Goran Dragovic, a lawyer based in Sarajevo, is all set to process a request from his client, the owner of a limited liability company who wants to increase its founding capital. He logs on to the relevant court registry and clicks on the latest company records—now all digital and consolidated. In a few minutes, the job is done.
Only five years ago, things were not as quick and easy. Court archives were stored as hard copies. Dragovic, then a civil servant with the judicial system, recalls how tedious the process was. First, he had to submit a request for a specific file. Then, an aide would go through the dark cellars and vaults of the court building to find the papers.
“We lost days trying to collect basic public information, such as the name of the owner of the company or whether any third parties were associated with the company. Sometimes, by the time we had access to the information, it would already be outdated and hence of no use,” he said. “Companies are living entities, constantly changing and developing.”
Goran Dragovic, a Sarajevo lawyer. Photo: Adnan Kazaferovic
The Local Investment-Friendly Environment (LIFE) program delivered by IFC since 2016 has helped local governments in Bosnia and Herzegovina cut red tape by digitizing business registries in court archives. This has helped streamline administrative procedures for businesses, increase transparency of administrative bodies at every level and attract new investment on the back of these reforms contributing to private sector growth and competitiveness.
So far, the LIFE project, implemented in partnership with UK Aid, has attracted 57 million Bosnia-Herzegovina Convertible Marks (BAM)—the equivalent of about $34 million—in new investments and contributed to the creation of 412 jobs given the improved business environment. The program has also reached 10.2 million BAM in direct savings through decreased taxes and fees as well as accelerated business services.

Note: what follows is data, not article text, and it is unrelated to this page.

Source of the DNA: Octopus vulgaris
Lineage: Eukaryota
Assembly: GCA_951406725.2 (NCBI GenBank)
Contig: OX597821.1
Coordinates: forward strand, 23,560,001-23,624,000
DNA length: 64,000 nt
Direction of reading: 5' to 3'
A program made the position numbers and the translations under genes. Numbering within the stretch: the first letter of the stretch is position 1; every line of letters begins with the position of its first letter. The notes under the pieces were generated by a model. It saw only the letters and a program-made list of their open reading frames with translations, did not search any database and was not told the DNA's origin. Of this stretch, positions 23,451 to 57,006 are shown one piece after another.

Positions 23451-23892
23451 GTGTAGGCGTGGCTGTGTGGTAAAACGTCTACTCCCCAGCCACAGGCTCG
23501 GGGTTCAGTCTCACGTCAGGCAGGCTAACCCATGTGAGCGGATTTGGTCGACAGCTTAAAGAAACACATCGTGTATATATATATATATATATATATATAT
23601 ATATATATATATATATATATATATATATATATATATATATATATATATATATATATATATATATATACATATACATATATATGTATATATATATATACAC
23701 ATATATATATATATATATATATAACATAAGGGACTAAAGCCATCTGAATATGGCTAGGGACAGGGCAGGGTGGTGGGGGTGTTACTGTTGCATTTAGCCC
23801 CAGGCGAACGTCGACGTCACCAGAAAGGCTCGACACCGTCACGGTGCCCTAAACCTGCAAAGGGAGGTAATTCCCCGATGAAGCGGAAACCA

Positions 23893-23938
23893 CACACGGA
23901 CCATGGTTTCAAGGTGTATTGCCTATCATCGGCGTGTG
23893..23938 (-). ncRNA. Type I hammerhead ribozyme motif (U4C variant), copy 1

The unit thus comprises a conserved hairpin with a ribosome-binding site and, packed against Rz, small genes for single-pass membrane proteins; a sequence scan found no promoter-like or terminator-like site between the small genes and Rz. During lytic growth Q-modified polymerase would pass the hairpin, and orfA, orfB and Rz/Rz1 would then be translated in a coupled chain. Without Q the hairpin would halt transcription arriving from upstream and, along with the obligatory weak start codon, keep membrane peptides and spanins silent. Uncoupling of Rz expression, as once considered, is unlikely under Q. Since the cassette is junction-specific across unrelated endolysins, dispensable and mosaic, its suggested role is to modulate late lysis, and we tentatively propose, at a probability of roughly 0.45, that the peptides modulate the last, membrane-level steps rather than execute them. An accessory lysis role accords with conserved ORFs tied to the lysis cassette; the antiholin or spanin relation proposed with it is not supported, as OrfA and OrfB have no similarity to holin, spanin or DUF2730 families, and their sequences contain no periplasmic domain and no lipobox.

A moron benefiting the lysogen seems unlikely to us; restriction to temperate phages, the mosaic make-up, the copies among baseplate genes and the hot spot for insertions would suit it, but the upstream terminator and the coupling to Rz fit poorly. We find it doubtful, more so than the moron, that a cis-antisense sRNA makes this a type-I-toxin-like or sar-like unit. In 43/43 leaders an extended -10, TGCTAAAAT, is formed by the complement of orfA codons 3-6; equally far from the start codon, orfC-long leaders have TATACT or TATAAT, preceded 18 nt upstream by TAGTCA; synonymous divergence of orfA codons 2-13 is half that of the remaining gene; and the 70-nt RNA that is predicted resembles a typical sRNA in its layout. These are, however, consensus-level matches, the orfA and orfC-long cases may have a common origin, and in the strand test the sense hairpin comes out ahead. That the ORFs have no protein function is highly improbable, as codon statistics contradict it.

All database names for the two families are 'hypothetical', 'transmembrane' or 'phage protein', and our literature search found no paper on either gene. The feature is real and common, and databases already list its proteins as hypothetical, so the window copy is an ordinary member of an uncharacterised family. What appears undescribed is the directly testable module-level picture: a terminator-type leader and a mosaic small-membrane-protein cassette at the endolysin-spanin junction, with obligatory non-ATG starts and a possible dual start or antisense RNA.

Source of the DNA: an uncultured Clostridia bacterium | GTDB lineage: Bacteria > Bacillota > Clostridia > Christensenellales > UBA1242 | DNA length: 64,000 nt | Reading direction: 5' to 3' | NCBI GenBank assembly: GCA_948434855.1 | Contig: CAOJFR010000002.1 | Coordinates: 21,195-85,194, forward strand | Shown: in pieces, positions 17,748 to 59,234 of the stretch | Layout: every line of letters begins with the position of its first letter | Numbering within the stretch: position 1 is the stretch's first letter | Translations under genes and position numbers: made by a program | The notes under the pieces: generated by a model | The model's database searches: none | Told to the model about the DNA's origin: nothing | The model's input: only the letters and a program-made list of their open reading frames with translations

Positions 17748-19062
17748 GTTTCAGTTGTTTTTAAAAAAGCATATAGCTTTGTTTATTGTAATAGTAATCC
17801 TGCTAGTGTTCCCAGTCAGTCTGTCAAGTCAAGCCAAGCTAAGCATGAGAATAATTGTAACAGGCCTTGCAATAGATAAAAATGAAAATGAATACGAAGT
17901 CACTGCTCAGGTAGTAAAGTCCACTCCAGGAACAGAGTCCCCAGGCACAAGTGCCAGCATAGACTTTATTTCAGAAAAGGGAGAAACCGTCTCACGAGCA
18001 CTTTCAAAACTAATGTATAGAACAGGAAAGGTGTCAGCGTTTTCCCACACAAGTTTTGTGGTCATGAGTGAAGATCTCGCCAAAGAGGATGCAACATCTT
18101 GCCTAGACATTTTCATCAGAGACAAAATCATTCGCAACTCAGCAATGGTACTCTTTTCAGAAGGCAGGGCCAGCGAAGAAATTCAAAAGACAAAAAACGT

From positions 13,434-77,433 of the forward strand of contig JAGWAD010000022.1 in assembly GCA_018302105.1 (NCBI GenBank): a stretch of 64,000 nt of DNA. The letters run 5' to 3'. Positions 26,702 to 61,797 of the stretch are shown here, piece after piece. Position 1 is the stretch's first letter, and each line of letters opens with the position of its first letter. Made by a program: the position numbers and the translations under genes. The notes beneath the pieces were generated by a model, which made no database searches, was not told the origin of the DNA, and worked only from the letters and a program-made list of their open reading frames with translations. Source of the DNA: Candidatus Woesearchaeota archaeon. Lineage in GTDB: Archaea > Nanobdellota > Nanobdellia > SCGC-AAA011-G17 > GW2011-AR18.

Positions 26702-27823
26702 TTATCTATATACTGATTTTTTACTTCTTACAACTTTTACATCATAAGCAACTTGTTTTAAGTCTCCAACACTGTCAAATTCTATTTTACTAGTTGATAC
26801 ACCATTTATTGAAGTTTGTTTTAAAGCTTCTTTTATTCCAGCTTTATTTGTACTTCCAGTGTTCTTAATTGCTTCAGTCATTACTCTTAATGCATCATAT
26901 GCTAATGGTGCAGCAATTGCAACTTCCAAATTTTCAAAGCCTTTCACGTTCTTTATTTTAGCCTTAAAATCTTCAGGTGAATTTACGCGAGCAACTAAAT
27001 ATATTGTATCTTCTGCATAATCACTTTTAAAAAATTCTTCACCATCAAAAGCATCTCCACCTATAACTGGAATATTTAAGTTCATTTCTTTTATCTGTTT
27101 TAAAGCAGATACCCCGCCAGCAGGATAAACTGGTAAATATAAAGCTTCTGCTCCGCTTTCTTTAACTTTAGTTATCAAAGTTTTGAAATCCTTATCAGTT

A complex program to simplify processes
Digitizing decades-old hard copies was not a simple process. While professional scanners helped process selected files, assistants physically retrieved documents, scanned, verified, and merged them before returning them safely to the archive facilities. Every step was logged and signed, so that integrity of the actual folder was safeguarded.
Document scanning process. Photo: Adnan Kazaferovic
Legal expert Ilda Begic, who helped with the digitization of the Sarajevo Court archives, remembers how she and four of her colleagues had to review 7.5 million pages. “We had to literally organize millions of those pages for efficient scanning,” said Begic. In addition, the older documents needed careful handling, which slowed down the process. Lots of files were related to terminated companies, so those had to be excluded from the digitization process. Subsequently, as part of the indexing process, the scanned files were verified and integrated into an online registry, enabling a search function.
Now that the digitization is complete, 16 Business Registry Archives are available online for businesses and legal practitioners across the country. But the work doesn’t end here. “Going forward, we hope to enable submission of requests for business registration or other amendments to court registries online,” said
Judge Goran Dujic, President, Municipal Court of Travnik. This will depend on the implementation of changes to the law regarding business registration and introduction of a nationwide e-signature, which just recently happened.
Goran Dujic, a judge. Photo: Adnan Kazaferovic
Meanwhile, with IFC’s LIFE project enabling a more favorable business environment, judges can now process statutory changes more efficiently, check availability of a company’s name, facilitate access to records, ensure the integrity of records, and increase legal security countrywide, making Bosnia and Herzegovina more attractive for both foreign and domestic investors.
For Goran Dragovic, the Sarajevo lawyer, and his colleagues, online business registry archives are a game changer. “Recently, I had a request from my client, an exporting food-processing company, to amend their registration by changing the director and respective address. Before the records were digitized, this would usually take up to 2 weeks. This time the request was completed in three days. Both I and the client were really surprised. Not only was the process quick, but I was able to use the digital document by amending only the fields that required changes, instead of re-writing the entire registration record,” he says, adding that it allows them to serve clients more efficiently.
As to the future, Dragovic is ready to make a strong business case for a fully digitized business registration system across the entire country, which he hopes, is just a click away.
Published in November 2021